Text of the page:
China’s long-term policy decision to join all multilateral platforms it can and exchange ideas and practices with global institutions has been “a good thing,” said President of the European Bank for Reconstruction and Development (EBRD) Suma Chakrabarti.
China’s engagement with the multilaterals has shown that the country wants to play a part in global governance, Chakrabarti said in an interview on the sidelines of the 2019 annual meetings of the International Monetary Fund and the World Bank Group on Wednesday.
China has also wanted to learn lessons from different multilateral organisations, he said. “I therefore applaud China’s engagement with the multilateral system.”
Since joining the EBRD in early 2016, China has “really strengthened” the relationship with the bank, Chakrabarti said. “I think on all the fronts we’ve made progress.”
“It’s not just Chinese banks and Chinese investors, companies who are now investing in EBRD projects. That’s great,” said the bank president. “We have a lot more in the pipeline.”
“Secondly, I think also our work with Chinese think tanks, Chinese research institutes, the Chinese government on various policy ideas has really increased,” Chakrabarti said.
Thirdly, he said, the EBRD has enhanced cooperation with the China-initiated Asian Infrastructure Investment Bank (AIIB), which he thinks is a “real model of applying the highest environmental and social and other governance standards.”
Chakrabarti said his bank and the AIIB set up a joint unit in Beijing about two years ago, which has been “very successful” in trying to bring the two organizations together and has also promoted exchanges between the EBRD and Chinese companies, banks, think tanks, research institutes, the Chinese government, etc.
Speaking of the Belt & Road Initiative, Chakrabarti said he thinks it can make a major contribution in tackling some global development challenges and promoting multilateralism as long as projects meet good standards and avoid high debt.
Chakrabarti said he looks forward to the EBRD working with the Chinese government, the Chinese private sector and others to ensure the initiative “works well.”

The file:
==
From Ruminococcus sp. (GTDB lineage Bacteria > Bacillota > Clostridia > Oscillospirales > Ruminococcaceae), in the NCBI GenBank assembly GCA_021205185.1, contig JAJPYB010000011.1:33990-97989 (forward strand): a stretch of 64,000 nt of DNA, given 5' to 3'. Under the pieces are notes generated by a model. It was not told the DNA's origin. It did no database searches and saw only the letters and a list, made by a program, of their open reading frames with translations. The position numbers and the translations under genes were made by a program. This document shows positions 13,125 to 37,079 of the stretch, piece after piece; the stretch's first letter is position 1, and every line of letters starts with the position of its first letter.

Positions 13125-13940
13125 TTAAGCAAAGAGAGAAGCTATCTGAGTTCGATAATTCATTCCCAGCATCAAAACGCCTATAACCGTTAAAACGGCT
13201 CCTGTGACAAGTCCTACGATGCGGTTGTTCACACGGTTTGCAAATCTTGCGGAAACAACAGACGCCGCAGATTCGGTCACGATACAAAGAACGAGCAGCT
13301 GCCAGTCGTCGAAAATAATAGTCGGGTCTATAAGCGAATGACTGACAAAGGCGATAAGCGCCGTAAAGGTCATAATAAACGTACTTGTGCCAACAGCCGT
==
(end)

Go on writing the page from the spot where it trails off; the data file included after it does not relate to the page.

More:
Looking ahead, he thinks “continuity” and “stepping up” is the next stage relationship with China.
“I would like to see more co-financing with Chinese banks and Chinese corporates. I would like China also to discuss more with the EBRD some ideas about certain countries,” especially countries where the EBRD has invested heavily, such as Turkey, Egypt, Ukraine and Greece, he said.
While acknowledging that multilateralism is “under strain,” the EBRD president said he is still optimistic in the future of multilateralism, because progress on climate change and inequality, among other issues, “would not have been possible” if it was not for the work of multilaterals.
Nearly half of the EBRD’s lending so far this year has been in the green economy area. He expects to see future growth in investments in renewables and energy effciency.
“I think that’s an area where actually the multilaterals can play a very strong part,” he said.
For those who question multilateralism, Chakrabarti said the best way to explain to them why multilateralism matters is to show them how multilaterals have made a difference in people’s life, such as by helping provide safe and environmentally friendly public services in some areas.
“We need to do more of that sort of thing and we need to then also market, communicate, advertise, whatever word you want to use to show that without us, those things would not have happened,” he said.